KANSAS CITY — Sharing a stage with a pair of the sport’s heavyweights, Kristy Curry didn’t shy away from the spotlight.
“I feel like we can compete for a Big 12 title,” the Texas Tech women’s basketball coach said during Big 12 Conference Media Day on Wednesday at the Sprint Center. “We feel we’re, obviously, in that underdog role, (but) we feel we can take the next steps forward and compete for the Final Four.”
Clearly, the goals are ambitious given what lies ahead. Claiming the conference crown will require unseating the juggernauts at the top of the league’s pecking order: Baylor and defending national champion Texas A&M.
But while that sort of roadblock may have seemed like too tall a task in recent years, the Lady Raiders believe their experience warrants high aspirations. The battle-hardened group includes a pair of senior forwards in Kierra Mallard and Jordan Barncastle, as well as one of the league’s most complete guard groups in juniors Casey Morris, Christine Hyde, Monique Smalls, Chynna Brown and Mary Bokenkamp.
“We have the ability to win the Big 12 tournament,” Morris said. “We’re just as good if not better than a lot of teams in that tournament, so I’m really excited, and I think everyone else is.”
At times last year, the Lady Raiders looked poised to take the next step required to join the conference’s elite. A 56-45 victory over then-No. 1 Baylor in February in front of more than 10,000 fans at United Spirit Arena was one of the program’s biggest wins under Curry, who is in her sixth season at Tech.
But it might have been some of the lower moments from last season that Tech learned from the most.
After running out to a 16-1 start, including wins in their first three Big 12 contests, the Lady Raiders dropped six straight games, putting their postseason hopes in jeopardy. Tech responded by winning six of its last eight conference games — including the win over Baylor and victory over Oklahoma — on the way to its first NCAA tournament appearance since 2005.
“I think our kids showed a lot of character down the stretch after that,” Curry said of the six-game skid. “And, obviously, you don’t make excuses, but we had a couple of personal tragedies that a couple of our kids went through at that time and had to leave our program for a couple of days and come back and forth.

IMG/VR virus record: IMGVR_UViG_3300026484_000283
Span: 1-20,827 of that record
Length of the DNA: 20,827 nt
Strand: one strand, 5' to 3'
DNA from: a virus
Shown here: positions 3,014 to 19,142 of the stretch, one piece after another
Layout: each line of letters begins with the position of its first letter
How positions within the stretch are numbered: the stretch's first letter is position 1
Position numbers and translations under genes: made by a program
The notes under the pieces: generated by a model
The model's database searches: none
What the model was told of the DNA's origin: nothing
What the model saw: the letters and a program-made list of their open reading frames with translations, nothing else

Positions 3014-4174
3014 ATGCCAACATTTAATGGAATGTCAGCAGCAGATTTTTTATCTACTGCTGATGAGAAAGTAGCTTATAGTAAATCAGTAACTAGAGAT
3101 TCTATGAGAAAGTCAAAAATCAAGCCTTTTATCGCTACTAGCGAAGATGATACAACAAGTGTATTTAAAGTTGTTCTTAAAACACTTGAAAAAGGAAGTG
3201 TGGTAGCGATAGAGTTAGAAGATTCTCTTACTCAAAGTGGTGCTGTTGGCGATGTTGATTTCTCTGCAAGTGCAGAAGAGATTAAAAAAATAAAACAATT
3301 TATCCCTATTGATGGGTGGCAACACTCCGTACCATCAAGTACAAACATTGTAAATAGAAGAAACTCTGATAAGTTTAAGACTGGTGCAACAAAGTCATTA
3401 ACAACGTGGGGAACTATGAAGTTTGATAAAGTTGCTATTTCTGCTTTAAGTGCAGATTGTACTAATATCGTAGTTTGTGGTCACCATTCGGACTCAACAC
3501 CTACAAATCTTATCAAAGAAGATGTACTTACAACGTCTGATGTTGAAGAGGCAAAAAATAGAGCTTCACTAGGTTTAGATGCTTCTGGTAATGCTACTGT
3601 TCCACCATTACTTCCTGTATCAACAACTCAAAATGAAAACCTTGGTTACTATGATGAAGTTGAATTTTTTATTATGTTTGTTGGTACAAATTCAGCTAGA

“And it was tough. But again there are no excuses, and our kids really responded down the stretch when we needed to the most.”
Morris said the midseason stumble and ensuing recovery is just another bullet point of experience on the team’s resume.
“We’ve grown,” she said. “We’ve been playing together for a long time, so we have the chemistry to get through obstacles like that.”
Leading the charge is Mallard, who is the team’s top returning scorer (12 points per game) and rebounder (7.2). Her experience and versatility in the post is vital in a conference that features some of the country’s best post players: Baylor’s Brittney Griner and Kansas’ Carolyn Davis.
Curry said Wednesday she was miffed at the fact that Mallard wasn’t included as at least an honorable mention on the preseason All-Big 12 team.
“It’s absolutely a joke,” Curry said. “And I think she’s going to prove a point this year with that.”
For her part, Mallard isn’t focused on any preseason lists.
“I don’t pay attention to none of that stuff,” she said. “I just put my head down and keep moving.”
Keeping her head down and moving has enabled Mallard to make great strides since her freshman season at Tech, as much in areas of mental maturity and leadership as any other facet of the game.
“I’m not sure I’ve ever coached a player that I’ve been more proud to see their growth — on the floor, in the classroom and community — than Kierra,” Curry said. “There’s not anybody that’s working harder at Texas Tech than Kierra right now.”
Curry and her staff hope those strides made by the senior can further complement the team’s strong guard class. Tech’s coach said she thinks Hyde could be one of the league’s most improved players.
Mallard, meanwhile, said the improvement she has seen from sophomore forwards Kelsi Baker and Shauntal Nobles leads her to believe the team will be deeper and more dangerous in the post.
Will all those ingredients be enough for Tech to ascend to the throne of the toughest conference in women’s college basketball?
“We’re excited in taking the next steps,” Curry said. “We feel we can be that one team that surprises a lot of folks this year.”